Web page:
All entries by this author

Annaya’s Anthropology

Because I am afraid this story by A.K.R will vanish into the Internet once again, I copy and paste it right here for my ready reference in the future.   Annayya’s Anthropology   by A. K Ramanujan translated from Kannada by Narayan Hegde   Annayya couldn’t help but marvel at the American anthropologist.”Look at this Fergusson,” he thought, “he has not only read Manu, our ancient law-giver, but knows all about our ritual pollutions. Here I am, a Brahmin myself, yet I don’t know a […]



The Young Indian Scientist’s Dilemma (1966)

(From an old essay of R.K.Narayan’s — from 1966. Not sure where it was published. I find some of the word choices strange. Hard to believe he could be so tone deaf.)    A young scientist from Madras, who arrived in New York only a week before, met me at my hostel and introduced himself as one longing to hear an Indian voice. He confessed that he found life in America unbearable. He could not make out a word of what his MASTERS (???) or […]



From Jejuri by Arun Kolatkar

Makarand   Take my shirt off and go in there to do pooja? No thanks. Not me. But you go right ahead if that’s what you want to do. Give me the matchbox before you go will you? I will be out in the courtyard where no one will mind if I smoke.



Avvaiyar — The Diplomat

When Clinton visited India as First Lady, a college student gave her a poem about women all over the world suffering in silence. I wish someone had been given this poem by Avvaiyar who, 800 years ago, had pretty much functioned like a Secretary of State/Diplomat — just as Clinton would later. Avvaiyar II, a poet and friend of King  Adhiyaman, is supposed to have helped avoid war between two kingdom states.  King Thondaiman, ruler of Kanchipuram, had him a note declaring his intention to […]



Give, Eat, and Live

Again thanks again to Iruvar — I revisited this verse of Avvaiyar. ஆண்டு ஆண்டு தோறும் அழுது புரண்டாலும் மாண்டார் வருவரோ மாநிலத்தீர் ர்வேண்டா நமக்கும் அது வழியே நாம்போம் அளவும் எமக்கு என் என்று இட்டு உண்டு இரும் .   Here is the book the verses are from.



A.K.R.

Anyone who knows me, knows that I am huge fan of A.K.Ramanujan’s writing — be it his translations from Tamil, his academic writing, his poems, essays …. just anything. So I was delighted to learn that he had written his own memoir in Kannada — not a complete autobiography, but just vignettes from his life.  I felt like buying the Kannada book and begging someone who knew the language to tell me what he had written. Luckily for me, the book was published in translation […]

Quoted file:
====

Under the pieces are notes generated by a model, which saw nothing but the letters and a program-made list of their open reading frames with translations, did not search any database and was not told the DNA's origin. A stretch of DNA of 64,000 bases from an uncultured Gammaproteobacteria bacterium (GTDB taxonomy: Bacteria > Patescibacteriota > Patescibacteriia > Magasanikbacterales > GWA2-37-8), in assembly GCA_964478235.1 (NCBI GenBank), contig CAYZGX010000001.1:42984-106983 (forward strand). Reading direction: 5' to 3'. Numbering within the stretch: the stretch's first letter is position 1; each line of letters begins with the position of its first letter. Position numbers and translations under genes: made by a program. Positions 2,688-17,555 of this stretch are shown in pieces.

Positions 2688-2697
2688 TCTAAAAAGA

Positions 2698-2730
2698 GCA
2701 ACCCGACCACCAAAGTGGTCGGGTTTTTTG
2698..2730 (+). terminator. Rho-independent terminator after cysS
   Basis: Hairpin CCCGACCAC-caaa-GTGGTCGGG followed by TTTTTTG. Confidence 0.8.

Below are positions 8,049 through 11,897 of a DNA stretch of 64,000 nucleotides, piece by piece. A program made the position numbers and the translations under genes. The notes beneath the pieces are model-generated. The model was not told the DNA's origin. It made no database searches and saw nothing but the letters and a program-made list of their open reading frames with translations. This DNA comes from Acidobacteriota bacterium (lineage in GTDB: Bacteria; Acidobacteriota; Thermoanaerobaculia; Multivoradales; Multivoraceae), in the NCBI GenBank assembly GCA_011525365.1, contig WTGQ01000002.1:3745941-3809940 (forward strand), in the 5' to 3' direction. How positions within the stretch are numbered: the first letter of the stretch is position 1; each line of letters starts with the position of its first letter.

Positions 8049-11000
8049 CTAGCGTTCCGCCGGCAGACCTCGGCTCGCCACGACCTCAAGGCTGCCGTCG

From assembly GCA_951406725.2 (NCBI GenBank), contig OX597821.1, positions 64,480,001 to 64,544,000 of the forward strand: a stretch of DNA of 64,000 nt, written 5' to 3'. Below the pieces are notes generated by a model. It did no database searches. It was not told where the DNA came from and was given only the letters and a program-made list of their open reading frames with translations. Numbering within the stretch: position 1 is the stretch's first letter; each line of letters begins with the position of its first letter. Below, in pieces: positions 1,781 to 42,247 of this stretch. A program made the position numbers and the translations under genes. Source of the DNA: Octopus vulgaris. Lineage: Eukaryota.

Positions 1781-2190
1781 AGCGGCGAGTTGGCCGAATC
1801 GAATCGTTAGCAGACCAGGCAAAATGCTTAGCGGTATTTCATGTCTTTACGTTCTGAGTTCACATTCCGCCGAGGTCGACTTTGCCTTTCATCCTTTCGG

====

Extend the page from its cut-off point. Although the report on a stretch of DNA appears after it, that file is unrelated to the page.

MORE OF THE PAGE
Red Earth, Pouring Rain

Blessed are those who have a friend to discuss beautiful verses with. Movie-makers, lyricists make it easy  for poetry-lovers when they chose to incorporate words from ancient poems into nicely picturized modern hits. In a double dose of luck, a novelist (Vikram Chandra) chose imagery from this same ancient poem as the *title* of his book and suddenly everyone, with a ear for such things, got curious about the phrase. Here is the lovely song from Iruvar which uses the phrase “our hearts mingle in […]



Deciphering History One Coin At a Time

Deciphering History One Coin At a Time

  “mere jeb me 5 futti cowdie be nahin hain aur mein 5 lakh ka sauda kar raha hun” Ever wondered about these “futti cowdie” dialogues in the Hindi movies? Apparently,  cowrie shells were used as coins in eastern India not too long ago. Learned this and more as I wrote this article about ancient Indian currency.   Read about economist Tandon’s work. html. pdf.



A single escaped organism is all it’ll take…

A single escaped organism is all it’ll take…

Evolutionary engineer Kevin Esvelt, at the Massachusetts Institute of Technology in Cambridge, works with gene drives, engineered bits of DNA that can cause a mutation to become heritable all the time. He calls for researchers to create and use safe lab procedures while working with this powerful but potentially risky technology. What is a gene drive? In nature, a gene drive occurs when a DNA sequence spreads through a population by breaking the conventional rules of inheritance. For example, if an organism has a single […]



A Numismatist of Note

A Numismatist of Note

Here is how a several centuries-old coin may rewrite a key chapter in the history of ancient India: In 1851, a hoard of gold coins issued by kings from the Gupta dynasty was unearthed near the holy city of Varanasi, in northern India. The Guptas, who ruled from the 4th to 6th centuries AD, had ushered in the “Golden Age” of ancient India, a blossoming of the arts and sciences that produced the concept of zero, a heliocentric astronomy, and the Kama Sutra. Gupta kings […]